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Saley History, Family Crest & Coats of Arms



The name Saley is part of the ancient legacy of the Anglo-Saxon tribes of Britain. It is a product of when the family lived in the county of Cheshire, where they held the estate of Sale. The surname Saley was originally derived form the Old English word soel which refers to a hall. In this case the original bearers of the surname Saley were either servants at the hall or resided near a dining hall. [1]CITATION[CLOSE]
Lowe, Mark Anthony, Patronymica Britannica, A Dictionary of Family Names of the United Kingdom. London: John Russel Smith, 1860. Print.


Early Origins of the Saley family


The surname Saley was first found in Cheshire but the family can be found throughout ancient Britain in early years. The Hundredorum Rolls of 1273 list Robert a la Sale. Placita de Quo Warranto, temp. Edward I-III lists Nicholas de la Sale, temp. 20 Edward I and William de la Sale. Robert de la Sale was Bailiff of Norwich in 1327. [2]CITATION[CLOSE]
Bardsley, C.W, A Dictionary of English and Welsh Surnames: With Special American Instances. Wiltshire: Heraldry Today, 1901. Print. (ISBN 0-900455-44-6)

"About the time of Edward I., Thomas, son of William De la Sale, held twelve acres of land in Ickleford, Hertfordshire. According to Cussans, the Hertfordshire Sales hailed from Scotland nearly two centuries ago, and he mentions Francis Sale, a gentleman who was married at Ashwell in 1694." [3]CITATION[CLOSE]
Guppy, Henry Brougham, Homes of Family Names in Great Britain. 1890. Print.


Early History of the Saley family


This web page shows only a small excerpt of our Saley research.
Another 187 words (13 lines of text) covering the years 1590, 1675, 1670, 1671, 1697, 1736 and 1734 are included under the topic Early Saley History in all our PDF Extended History products and printed products wherever possible.

Saley Spelling Variations


The first dictionaries that appeared in the last few hundred years did much to standardize the English language. Before that time, spelling variations in names were a common occurrence. The language was changing, incorporating pieces of other languages, and the spelling of names changed with it. Saley has been spelled many different ways, including Sale, Sail, Sales, Salle, Salley, Sally, Sallete, Sallett and many more.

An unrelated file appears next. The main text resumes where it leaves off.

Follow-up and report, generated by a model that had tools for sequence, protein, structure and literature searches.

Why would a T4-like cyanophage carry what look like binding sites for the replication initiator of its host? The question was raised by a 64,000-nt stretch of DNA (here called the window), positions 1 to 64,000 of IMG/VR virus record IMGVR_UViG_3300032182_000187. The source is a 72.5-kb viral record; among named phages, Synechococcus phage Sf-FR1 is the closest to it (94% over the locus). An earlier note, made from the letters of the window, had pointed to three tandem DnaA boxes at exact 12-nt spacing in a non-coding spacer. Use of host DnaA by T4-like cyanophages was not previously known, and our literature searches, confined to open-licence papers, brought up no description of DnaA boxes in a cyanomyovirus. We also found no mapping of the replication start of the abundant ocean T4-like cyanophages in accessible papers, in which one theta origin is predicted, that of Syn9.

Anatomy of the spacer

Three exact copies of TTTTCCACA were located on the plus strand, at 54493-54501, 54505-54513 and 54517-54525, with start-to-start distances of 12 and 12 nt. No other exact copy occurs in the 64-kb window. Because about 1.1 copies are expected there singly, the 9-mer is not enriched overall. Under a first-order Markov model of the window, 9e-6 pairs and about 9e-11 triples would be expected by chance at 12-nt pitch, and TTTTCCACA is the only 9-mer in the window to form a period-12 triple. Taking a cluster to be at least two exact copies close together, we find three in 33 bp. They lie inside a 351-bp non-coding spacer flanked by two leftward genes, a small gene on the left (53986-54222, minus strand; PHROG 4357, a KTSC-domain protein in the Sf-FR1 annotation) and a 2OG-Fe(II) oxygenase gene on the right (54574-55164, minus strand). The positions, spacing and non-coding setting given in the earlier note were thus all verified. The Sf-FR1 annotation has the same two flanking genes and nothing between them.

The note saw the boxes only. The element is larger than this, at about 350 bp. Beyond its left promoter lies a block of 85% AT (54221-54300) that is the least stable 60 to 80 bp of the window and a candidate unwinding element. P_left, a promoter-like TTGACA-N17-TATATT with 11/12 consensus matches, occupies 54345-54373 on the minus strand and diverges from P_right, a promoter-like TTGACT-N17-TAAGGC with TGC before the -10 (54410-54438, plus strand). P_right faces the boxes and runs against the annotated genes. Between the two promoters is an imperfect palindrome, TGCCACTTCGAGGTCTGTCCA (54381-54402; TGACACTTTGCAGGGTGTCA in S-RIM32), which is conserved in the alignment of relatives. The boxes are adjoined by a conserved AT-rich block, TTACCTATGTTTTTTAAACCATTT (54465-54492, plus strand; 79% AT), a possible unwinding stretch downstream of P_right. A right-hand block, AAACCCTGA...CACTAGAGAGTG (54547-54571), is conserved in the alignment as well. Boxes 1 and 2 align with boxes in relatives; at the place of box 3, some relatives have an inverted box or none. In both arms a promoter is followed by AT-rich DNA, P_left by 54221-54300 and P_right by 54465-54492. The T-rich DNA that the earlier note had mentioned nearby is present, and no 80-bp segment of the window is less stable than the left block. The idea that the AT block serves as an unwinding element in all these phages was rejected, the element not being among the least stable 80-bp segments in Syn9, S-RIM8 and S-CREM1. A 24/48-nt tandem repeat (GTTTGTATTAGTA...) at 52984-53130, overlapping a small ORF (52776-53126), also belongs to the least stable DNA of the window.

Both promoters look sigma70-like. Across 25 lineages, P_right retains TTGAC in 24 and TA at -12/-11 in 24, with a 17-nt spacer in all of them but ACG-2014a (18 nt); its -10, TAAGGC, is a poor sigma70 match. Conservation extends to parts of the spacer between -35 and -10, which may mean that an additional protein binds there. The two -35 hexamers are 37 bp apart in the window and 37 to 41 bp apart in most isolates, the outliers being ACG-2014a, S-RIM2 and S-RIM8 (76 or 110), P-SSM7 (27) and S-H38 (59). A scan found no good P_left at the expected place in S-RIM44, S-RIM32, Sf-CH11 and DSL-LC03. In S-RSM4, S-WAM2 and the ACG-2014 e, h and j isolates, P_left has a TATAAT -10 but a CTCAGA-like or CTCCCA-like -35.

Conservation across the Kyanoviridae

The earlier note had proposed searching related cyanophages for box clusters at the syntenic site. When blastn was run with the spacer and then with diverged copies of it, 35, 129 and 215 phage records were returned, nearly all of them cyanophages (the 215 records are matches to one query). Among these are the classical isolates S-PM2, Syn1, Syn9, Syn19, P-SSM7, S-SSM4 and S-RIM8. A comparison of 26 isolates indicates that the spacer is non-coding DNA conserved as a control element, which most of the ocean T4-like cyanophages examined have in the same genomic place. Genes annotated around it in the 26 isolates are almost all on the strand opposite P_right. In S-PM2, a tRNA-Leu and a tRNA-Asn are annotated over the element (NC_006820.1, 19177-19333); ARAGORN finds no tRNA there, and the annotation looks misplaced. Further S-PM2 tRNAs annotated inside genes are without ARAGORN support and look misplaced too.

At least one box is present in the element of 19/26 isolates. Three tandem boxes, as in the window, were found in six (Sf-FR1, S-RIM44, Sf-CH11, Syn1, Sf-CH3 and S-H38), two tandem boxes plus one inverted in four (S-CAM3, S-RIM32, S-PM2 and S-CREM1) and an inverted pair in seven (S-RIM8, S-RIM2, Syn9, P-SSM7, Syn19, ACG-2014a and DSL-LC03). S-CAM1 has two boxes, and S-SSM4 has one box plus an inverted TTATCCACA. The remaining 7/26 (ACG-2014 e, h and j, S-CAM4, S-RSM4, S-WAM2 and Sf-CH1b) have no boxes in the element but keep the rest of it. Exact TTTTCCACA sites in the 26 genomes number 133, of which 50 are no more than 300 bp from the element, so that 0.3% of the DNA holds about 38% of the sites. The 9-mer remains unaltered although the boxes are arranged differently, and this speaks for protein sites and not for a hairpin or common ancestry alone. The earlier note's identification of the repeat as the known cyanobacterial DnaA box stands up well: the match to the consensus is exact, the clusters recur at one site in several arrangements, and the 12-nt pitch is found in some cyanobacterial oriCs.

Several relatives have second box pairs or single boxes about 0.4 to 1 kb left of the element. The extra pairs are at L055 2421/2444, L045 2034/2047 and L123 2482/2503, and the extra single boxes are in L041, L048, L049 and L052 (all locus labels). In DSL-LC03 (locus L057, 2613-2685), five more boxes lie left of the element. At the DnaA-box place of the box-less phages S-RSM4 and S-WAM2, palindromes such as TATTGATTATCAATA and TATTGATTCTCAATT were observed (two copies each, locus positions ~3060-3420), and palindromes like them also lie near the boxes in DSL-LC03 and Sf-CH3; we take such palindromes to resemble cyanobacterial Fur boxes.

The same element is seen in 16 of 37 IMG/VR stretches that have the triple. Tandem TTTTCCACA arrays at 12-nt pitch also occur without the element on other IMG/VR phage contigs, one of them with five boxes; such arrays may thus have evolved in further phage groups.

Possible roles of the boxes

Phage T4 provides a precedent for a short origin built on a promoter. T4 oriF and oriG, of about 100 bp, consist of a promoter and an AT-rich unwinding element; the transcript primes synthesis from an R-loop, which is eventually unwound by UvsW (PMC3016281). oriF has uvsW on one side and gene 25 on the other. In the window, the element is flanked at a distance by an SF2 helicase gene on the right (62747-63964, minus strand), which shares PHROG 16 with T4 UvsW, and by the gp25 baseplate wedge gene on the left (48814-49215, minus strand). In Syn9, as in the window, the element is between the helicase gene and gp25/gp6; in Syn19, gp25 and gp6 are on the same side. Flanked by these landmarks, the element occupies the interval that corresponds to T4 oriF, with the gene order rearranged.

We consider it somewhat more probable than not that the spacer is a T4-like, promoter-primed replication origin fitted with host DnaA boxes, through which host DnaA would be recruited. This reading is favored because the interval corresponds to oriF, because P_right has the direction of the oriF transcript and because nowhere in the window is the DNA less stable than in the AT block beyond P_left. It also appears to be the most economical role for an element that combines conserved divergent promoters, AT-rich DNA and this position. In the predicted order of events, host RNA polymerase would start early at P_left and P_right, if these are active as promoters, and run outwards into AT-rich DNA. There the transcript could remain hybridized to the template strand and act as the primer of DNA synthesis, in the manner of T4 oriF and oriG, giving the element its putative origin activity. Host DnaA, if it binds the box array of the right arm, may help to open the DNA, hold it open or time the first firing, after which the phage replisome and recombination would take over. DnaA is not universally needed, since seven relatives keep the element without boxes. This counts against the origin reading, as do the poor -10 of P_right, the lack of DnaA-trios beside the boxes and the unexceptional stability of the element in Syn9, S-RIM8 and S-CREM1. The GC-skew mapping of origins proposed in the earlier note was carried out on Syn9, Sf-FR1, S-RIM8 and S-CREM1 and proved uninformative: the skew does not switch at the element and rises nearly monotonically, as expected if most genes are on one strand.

Early Notables of the Saley family (pre 1700)


Notables of this surname at this time include: William Sayle (c. 1590-1675), English explorer and later settler of the Bahamas, the first governor of colonial South Carolina from 1670-1671; and...
Another 29 words (2 lines of text) are included under the topic Early Saley Notables in all our PDF Extended History products and printed products wherever possible.

Migration of the Saley family to Ireland


Some of the Saley family moved to Ireland, but this topic is not covered in this excerpt.
Another 52 words (4 lines of text) about their life in Ireland is included in all our PDF Extended History products and printed products wherever possible.

Migration of the Saley family to the New World and Oceana


Thousands of English families in this era began to emigrate the New World in search of land and freedom from religious and political persecution. Although the passage was expensive and the ships were dark, crowded, and unsafe, those who made the voyage safely were rewarded with opportunities unavailable to them in their homeland. Research into passenger and immigration lists has revealed some of the very first Saleys to arrive in North America: Edward Sale settled in Boston in 1635; William, James, Mary and John Sale settled in Charles Town, South Carolina, in 1767; John Sales and his wife settled in Salem in 1630.

Saley Family Crest Products



See Also



Citations


  1. ^ Lowe, Mark Anthony, Patronymica Britannica, A Dictionary of Family Names of the United Kingdom. London: John Russel Smith, 1860. Print.
  2. ^ Bardsley, C.W, A Dictionary of English and Welsh Surnames: With Special American Instances. Wiltshire: Heraldry Today, 1901. Print. (ISBN 0-900455-44-6)
  3. ^ Guppy, Henry Brougham, Homes of Family Names in Great Britain. 1890. Print.

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